Unite union tell UK Labour to offer EU referendum

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Thursday, July 3, 2014

The British trade union Unite voted yesterday to ask the Labour Party to offer a referendum on Britain's continued membership in the European Union as part of its election promises, and said failing to do so would make Labour's electoral success a "hostage to fortune". The shadow chancellor, Ed Balls, has ruled out such a move as "silly".

Unite's general secretary Len McCluskey said of the motion passed by the union: "It calls on Labour not to box itself in on the referendum question. This issue has bedevilled British politics for decades. For much of that time it has been the Tories who have had to deal with divisions in their ranks over Europe. But the next general election will be different. Both UKIP and the Tories will be offering a referendum on the issue of Britain's membership."

McCluskey accused Labour of being in a position where "ducking this question is seen as part of Labour's commitment to business".

McCluskey also said: "We do not seek a referendum to take Britain out of the EU. We seek a referendum rethink in order to help get Labour into power here in Britain. Without such a pledge our party will stand exposed. UKIP will be strengthened in some key constituencies. The Tories will hypocritically charge Labour with being anti-democratic."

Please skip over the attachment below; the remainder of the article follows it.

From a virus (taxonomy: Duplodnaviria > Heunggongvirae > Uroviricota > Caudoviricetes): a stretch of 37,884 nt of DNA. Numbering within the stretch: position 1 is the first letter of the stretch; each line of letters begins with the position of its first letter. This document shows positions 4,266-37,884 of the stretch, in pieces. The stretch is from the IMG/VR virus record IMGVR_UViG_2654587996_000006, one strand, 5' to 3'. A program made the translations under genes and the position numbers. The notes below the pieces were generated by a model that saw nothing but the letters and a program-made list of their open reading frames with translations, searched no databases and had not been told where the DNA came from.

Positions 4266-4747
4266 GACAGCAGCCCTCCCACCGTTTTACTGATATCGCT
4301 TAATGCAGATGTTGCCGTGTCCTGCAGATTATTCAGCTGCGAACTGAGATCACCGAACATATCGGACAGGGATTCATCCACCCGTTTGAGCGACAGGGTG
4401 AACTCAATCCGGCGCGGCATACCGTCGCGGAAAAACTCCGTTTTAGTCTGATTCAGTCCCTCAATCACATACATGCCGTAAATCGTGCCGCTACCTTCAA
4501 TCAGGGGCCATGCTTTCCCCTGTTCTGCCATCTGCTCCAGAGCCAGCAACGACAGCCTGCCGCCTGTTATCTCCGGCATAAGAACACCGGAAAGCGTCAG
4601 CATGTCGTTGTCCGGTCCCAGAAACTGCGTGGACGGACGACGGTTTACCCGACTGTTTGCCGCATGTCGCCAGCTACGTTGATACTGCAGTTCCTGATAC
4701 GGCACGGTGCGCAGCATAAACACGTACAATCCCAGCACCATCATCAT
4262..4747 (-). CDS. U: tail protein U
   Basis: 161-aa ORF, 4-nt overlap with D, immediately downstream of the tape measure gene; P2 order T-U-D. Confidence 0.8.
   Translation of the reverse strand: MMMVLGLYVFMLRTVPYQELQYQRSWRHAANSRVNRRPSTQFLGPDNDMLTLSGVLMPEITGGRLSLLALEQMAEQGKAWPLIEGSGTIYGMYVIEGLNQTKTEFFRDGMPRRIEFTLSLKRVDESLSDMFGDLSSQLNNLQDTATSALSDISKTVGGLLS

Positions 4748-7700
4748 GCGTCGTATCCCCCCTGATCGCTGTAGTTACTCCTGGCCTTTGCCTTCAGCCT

Balls responded on the BBC programme Newsnight: "That would be a silly thing for us to say. We made a very clear commitment: if there is any proposal in the next parliament for a transfer of powers to Brussels [the EU] we will have an in/out referendum.

"We are not proposing a referendum now because we think to spend two or three years blighting investment and undermining our economy on the prospect of a referendum which David Cameron says he is going to have after he gets an unknown package of reforms would be bad for jobs and investment.

"If Len McCluskey is supporting the David Cameron position, I disagree with Len McCluskey."

At Prime Minister's Questions, Conservatives had fun at the expense of Labour leader Ed Miliband and the perceived division in Labour ranks over Europe. Conservative MP Sir Tony Baldry joked: "In the ’83 general election, a 13-year-old boy delivered leaflets around my constituency pledging that [then-Labour MP] Michael Foot would take Labour out of the European Union. Does my right hon[ourable] Friend find it strange that that same boy, now leader of the Labour party, is not willing either to support the renegotiation of Britain’s terms of membership of the European Union or to pledge to trust the people of Britain in a referendum on our membership of the European Union?"

Ahead of the 2015 general election, the parties remain divided on Europe. David Cameron has pledged the Conservatives will hold a referendum in 2017 after a renegotiation of treaties. The Liberal Democrats recently faced a challenge to their policy on Europe with a number of senior party members calling for a referendum on membership — this push to change course was defeated and the party remains committed to a policy of not holding a referendum unless further British sovereignty is transferred to the EU.


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